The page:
Thursday, July 30, 2020

War Between The Realms!

If you were Pluto, permanent custodian and virtual prisoner of the Grecian netherworld, it's not clear what inciting war between Olympus and Asgard would get you as far as freedom from your assigned station. We obviously know what it would get someone like Ares, the god of war, who's been known to stoke such fires in the past between those realms (while making sure Earth became collateral damage in the process)--so an alliance between Pluto and Ares seemed the likely next step for these two, in a scheme which appeared tailor-made to provoke conflict between two pantheons of gods which maintained no formal relations between each other and thus might be quick to jump to conclusions if provided evidence of an act of aggression.

For instance, say, the lord of Asgard, Odin, learning of Krista, an Asgardian girl kidnapped and held captive by both Pluto and the son of Zeus.

(With Ares making a convincing Hercules, if only in striking an arrogant pose.)

As for what Pluto gets from hatching such a scheme, it still remains to be seen. To continue connecting the dots, we know what Hercules gets (the real Hercules), when Thor learns of Krista's fate: a good trouncing by the god of thunder, after which Thor is convinced by Zeus that Hercules is innocent, and that it's Pluto who's deserving of his wrath.

You'd think Thor's first thought would be to get word to Odin that Hercules and Olympus are in the clear as far as any warmongering; instead, he and Hercules engage in a contest to determine who gets to face Pluto in battle, a course of action which Zeus feels obliged to step in and correct with a few words of what we mortals might call "common sense."

But neither Ares nor Pluto are content to watch their carefully laid plans wither on the vine--and both know that it would only take the death of Thor to trigger a war of the gods!

Monday, July 27, 2020

Countdown to Operation: Purge!

Having followed the trail through time of the cyborg known as Deathlok the Demolisher, who unwillingly vanished from the year 1990 to appear in our own time only to be rendered mindless and subsequently battle to his own destruction, what more is there to say about the character, after having met such a pointless end that for all intents and purposes swept what amounted to a loose end under the rug? Well, putting aside for a moment the efforts of artist Rich Buckler and writer Doug Moench in taking such care and effort to build this character from the ground up, there is still his apocalyptic world of the future to consider--just over a decade away from the point where he met his end at Project: Pegasus, a date on the calendar that can't be as easily dismissed. And so we turn now to the year 1983, as writer J.M. DeMatteis and penciller Mike Zeck craft a story from the bits and pieces they've pieced together from Deathlok's prior appearances and seek to resolve his fate, and the fate of his future, once and for all.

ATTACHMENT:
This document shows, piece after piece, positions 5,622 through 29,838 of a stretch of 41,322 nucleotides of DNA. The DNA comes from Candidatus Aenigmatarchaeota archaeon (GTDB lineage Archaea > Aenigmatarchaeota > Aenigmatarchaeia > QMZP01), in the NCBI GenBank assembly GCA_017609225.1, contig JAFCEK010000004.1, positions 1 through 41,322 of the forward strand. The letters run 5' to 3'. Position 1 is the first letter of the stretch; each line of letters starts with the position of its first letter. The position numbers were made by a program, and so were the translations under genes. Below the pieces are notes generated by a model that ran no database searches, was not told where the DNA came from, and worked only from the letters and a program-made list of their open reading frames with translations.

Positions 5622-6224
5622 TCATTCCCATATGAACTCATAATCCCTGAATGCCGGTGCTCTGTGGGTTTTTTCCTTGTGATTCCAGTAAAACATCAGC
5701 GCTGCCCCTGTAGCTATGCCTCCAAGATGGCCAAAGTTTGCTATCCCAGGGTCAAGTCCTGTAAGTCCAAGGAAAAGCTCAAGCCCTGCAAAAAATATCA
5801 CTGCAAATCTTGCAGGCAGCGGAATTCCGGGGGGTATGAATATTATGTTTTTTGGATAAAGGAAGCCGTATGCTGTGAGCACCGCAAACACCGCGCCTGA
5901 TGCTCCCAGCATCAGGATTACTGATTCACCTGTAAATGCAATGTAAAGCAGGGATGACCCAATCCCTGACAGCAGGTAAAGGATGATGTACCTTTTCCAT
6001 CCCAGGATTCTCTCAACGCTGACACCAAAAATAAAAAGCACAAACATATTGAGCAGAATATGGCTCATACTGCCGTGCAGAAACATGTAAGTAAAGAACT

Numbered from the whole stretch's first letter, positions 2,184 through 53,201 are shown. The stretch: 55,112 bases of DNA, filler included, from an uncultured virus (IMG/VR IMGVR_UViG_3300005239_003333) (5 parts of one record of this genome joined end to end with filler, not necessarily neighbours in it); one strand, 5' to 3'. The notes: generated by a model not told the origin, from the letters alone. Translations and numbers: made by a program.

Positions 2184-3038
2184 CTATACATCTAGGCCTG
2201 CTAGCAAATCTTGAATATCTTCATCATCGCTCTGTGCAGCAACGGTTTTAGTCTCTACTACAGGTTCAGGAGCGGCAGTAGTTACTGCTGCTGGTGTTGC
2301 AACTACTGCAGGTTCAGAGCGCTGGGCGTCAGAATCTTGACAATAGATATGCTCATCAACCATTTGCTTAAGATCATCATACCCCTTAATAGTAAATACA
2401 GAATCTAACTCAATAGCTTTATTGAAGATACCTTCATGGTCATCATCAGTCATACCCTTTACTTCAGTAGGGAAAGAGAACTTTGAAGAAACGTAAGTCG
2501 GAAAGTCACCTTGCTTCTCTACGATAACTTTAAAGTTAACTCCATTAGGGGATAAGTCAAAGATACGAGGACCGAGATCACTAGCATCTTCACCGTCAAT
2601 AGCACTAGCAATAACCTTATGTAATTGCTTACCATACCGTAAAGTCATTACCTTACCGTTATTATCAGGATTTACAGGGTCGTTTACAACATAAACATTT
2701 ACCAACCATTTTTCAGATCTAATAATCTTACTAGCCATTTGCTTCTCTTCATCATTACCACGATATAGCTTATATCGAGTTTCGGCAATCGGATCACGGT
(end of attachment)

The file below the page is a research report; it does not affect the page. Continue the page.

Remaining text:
But as surprising as it is to come across another Deathlok story when Marvel had put the character out of his misery over four years prior, we must first add another piece to the puzzle, in the form of Luther Manning--Deathlok's human identity before being turned into a cyborg assassin. In this case, however, the Luther Manning crucial to DeMatteis's story is actually the man's clone, created by the C.I.A. and housing the cerebral imprints of the brain of the real Manning as part of an effort to return his humanity to him. Yet Manning soon discovered that he felt no more human than his inhuman counterpart; and so, compelled to find Deathlok no matter where in time the mysterious Godwulf sent him, Manning is transported to 1983, outside of the Brand Corporation, where he is spotted by Steve Rogers--the one and only Captain America.

The Brand edifice has been abandoned since being shut down; but once introductions are made, and Manning relates his story culminating in his tracking Deathlok to the Brand complex, Cap joins forces with him to explore further, and finds the facility not so abandoned after all. Worse yet, it appears to have one hell of a security enforcer.